Heading into the final day, the Windies are 52 for 6 and chasing a massive total of 296.  Bonner (18) and Joshua Da Silva (15) are the batsmen currently at the crease and will both be hoping to be the start of an unlikely recovery.

Earlier, in pursuit of Sri Lanka’s second innings total of 191 for 4 declared, the West Indies experienced a shocking top-order capitulation that left them struggling at 18 for 6 after just 13 overs.

Spin bowling continued to be the major issue for the batsmen with Shai Hope, Roston Chase, Kyle Mayer, and Jason Holder all failing to pick the straighter deliveries.  Similar to the first innings, it was the loopy offspin of Mendis that the team continued to struggle to negotiate, as he claimed four in the second innings to take his tally to seven.

“I think everyone is disappointed but it’s the nature of the sport.  People will get out in cricket, that will happen.  It’s just up to me and Josh and the rest of the batters to get the job done,” Bonner said.

The West Indies had also found themselves in trouble in the first innings before a 62 runs late innings partnership between Jason Holder and Kyle Mayers brought some stability to the innings.

“We have about 640 balls to bat tomorrow.  If me and Josh can face the majority of the balls.  Obviously, we want to play each ball on its merit, respect the bowler.”

 

Kane Williamson insists New Zealand will not be favourites when they start the defence of their World Test Championship title against an under-strength India side in Kanpur on Thursday.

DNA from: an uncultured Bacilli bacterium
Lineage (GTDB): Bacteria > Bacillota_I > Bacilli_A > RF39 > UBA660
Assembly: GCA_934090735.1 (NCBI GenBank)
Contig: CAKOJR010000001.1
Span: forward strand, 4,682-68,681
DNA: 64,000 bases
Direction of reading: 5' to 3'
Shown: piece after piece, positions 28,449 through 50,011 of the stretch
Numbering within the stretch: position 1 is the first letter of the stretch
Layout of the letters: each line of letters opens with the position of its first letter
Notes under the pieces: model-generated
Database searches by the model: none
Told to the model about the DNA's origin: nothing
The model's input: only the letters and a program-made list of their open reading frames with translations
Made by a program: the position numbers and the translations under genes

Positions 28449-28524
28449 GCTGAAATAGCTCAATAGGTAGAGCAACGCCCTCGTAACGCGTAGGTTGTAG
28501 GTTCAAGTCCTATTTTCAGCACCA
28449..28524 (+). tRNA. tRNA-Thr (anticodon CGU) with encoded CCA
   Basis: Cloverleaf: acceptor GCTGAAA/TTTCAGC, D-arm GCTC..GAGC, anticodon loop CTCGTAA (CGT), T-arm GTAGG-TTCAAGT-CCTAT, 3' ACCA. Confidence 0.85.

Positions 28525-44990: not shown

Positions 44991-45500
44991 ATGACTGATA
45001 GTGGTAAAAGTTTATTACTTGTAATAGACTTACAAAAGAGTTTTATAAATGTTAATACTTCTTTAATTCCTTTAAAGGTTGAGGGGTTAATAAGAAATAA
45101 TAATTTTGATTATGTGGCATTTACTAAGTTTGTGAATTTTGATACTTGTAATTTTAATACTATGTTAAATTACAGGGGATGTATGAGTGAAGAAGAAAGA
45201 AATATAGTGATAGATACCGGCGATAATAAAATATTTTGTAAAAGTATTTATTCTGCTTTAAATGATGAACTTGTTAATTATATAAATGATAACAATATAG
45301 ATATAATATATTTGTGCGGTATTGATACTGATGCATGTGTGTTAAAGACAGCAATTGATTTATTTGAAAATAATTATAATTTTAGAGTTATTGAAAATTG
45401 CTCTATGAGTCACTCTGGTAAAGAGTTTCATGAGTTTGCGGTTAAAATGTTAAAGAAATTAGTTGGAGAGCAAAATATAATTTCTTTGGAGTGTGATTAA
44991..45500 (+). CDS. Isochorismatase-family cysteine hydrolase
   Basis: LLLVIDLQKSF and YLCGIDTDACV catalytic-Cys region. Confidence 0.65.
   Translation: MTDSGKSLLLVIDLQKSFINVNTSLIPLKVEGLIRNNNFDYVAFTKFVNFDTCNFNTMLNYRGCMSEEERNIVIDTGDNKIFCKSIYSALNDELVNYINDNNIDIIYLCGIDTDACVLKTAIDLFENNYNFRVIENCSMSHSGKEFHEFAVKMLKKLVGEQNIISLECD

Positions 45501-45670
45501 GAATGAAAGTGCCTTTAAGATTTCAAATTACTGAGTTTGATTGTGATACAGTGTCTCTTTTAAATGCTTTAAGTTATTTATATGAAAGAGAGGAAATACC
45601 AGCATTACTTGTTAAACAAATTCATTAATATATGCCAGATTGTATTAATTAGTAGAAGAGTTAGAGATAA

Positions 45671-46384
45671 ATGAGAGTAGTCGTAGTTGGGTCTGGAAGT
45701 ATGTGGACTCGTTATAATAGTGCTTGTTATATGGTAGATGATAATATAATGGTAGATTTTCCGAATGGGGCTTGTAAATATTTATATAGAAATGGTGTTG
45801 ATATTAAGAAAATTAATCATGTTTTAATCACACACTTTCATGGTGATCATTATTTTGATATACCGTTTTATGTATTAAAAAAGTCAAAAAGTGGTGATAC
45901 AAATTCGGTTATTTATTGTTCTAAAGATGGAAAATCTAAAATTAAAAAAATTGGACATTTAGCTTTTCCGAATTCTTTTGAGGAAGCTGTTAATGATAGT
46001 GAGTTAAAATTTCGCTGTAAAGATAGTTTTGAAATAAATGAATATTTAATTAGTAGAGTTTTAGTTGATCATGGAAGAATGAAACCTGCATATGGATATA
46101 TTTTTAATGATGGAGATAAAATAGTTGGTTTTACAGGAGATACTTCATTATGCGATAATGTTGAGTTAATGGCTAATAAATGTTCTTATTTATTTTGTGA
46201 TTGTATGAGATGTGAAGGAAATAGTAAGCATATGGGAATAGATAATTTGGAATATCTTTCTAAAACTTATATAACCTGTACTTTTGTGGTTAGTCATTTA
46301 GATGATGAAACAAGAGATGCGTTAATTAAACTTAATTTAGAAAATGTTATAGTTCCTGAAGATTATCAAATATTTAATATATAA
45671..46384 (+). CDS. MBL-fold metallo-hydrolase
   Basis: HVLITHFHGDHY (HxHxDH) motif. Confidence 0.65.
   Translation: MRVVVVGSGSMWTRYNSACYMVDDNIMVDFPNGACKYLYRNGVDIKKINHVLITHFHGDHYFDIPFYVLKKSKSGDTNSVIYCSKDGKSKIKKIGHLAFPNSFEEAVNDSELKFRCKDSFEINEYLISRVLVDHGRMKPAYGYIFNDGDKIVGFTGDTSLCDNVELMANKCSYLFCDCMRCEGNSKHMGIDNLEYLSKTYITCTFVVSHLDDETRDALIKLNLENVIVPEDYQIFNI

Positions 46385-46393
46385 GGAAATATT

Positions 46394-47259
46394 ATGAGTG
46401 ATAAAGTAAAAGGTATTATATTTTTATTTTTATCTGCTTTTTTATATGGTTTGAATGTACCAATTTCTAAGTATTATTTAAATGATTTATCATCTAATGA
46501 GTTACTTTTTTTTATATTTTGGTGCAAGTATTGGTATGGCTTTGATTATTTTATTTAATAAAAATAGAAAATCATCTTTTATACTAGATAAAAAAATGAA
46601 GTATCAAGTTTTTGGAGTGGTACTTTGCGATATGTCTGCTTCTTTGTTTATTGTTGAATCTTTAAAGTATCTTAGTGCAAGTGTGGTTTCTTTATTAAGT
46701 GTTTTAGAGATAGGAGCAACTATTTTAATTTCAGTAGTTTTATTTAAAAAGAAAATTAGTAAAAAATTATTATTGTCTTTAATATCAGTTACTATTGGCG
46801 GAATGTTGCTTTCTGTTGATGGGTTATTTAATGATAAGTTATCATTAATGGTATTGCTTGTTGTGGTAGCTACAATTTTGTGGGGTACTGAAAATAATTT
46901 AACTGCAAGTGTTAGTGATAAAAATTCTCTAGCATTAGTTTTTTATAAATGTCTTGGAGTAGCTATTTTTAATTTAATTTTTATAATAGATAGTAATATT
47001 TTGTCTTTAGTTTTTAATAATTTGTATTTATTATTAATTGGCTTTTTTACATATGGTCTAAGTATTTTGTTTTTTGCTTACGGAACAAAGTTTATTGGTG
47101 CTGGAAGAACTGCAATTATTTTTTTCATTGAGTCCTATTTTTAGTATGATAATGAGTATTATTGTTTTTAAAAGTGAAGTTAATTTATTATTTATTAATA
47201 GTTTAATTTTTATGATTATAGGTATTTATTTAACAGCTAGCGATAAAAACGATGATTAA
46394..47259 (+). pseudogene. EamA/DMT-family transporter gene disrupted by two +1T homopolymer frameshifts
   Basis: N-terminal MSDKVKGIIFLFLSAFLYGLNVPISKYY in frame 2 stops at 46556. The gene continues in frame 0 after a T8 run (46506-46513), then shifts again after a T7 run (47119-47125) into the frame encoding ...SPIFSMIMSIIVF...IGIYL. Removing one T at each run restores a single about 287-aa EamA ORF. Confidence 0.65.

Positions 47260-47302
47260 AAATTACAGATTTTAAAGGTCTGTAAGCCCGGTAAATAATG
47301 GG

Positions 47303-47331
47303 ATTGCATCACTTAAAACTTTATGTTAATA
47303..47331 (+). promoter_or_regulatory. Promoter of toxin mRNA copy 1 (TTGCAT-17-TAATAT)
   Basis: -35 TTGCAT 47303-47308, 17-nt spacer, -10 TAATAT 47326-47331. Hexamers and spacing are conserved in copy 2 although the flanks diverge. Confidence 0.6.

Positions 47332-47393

The Black Caps beat India by eight wickets in the inaugural World Test Championship at the Ageas Bowl in June, so India will be out for revenge in the two-match series on home soil.

Virat Kohli has been rested for the first Test, so Ajinkya Rahane takes charge of a team that will not include Rohit Sharma, KL Rahul, Jasprit Bumrah, Mohammad Shami and Rishabh Pant.

Rohit, Bumrah, Shami and Pant have been given a rest for both games, while Rahul misses out due to a thigh strain.

India have plenty of strength in depth, though, and you have to go back 33 years for the last time they lost a home match against the Black Caps in the longest format.

New Zealand captain Williamson sat out India's 3-0 T20I whitewash of the tourists, which came so soon after his side had been beaten by Australia in the T20 World Cup final in Dubai.

The prolific batsman knows the Black Caps face a huge challenge, particularly without the opportunity to play any warm-up games.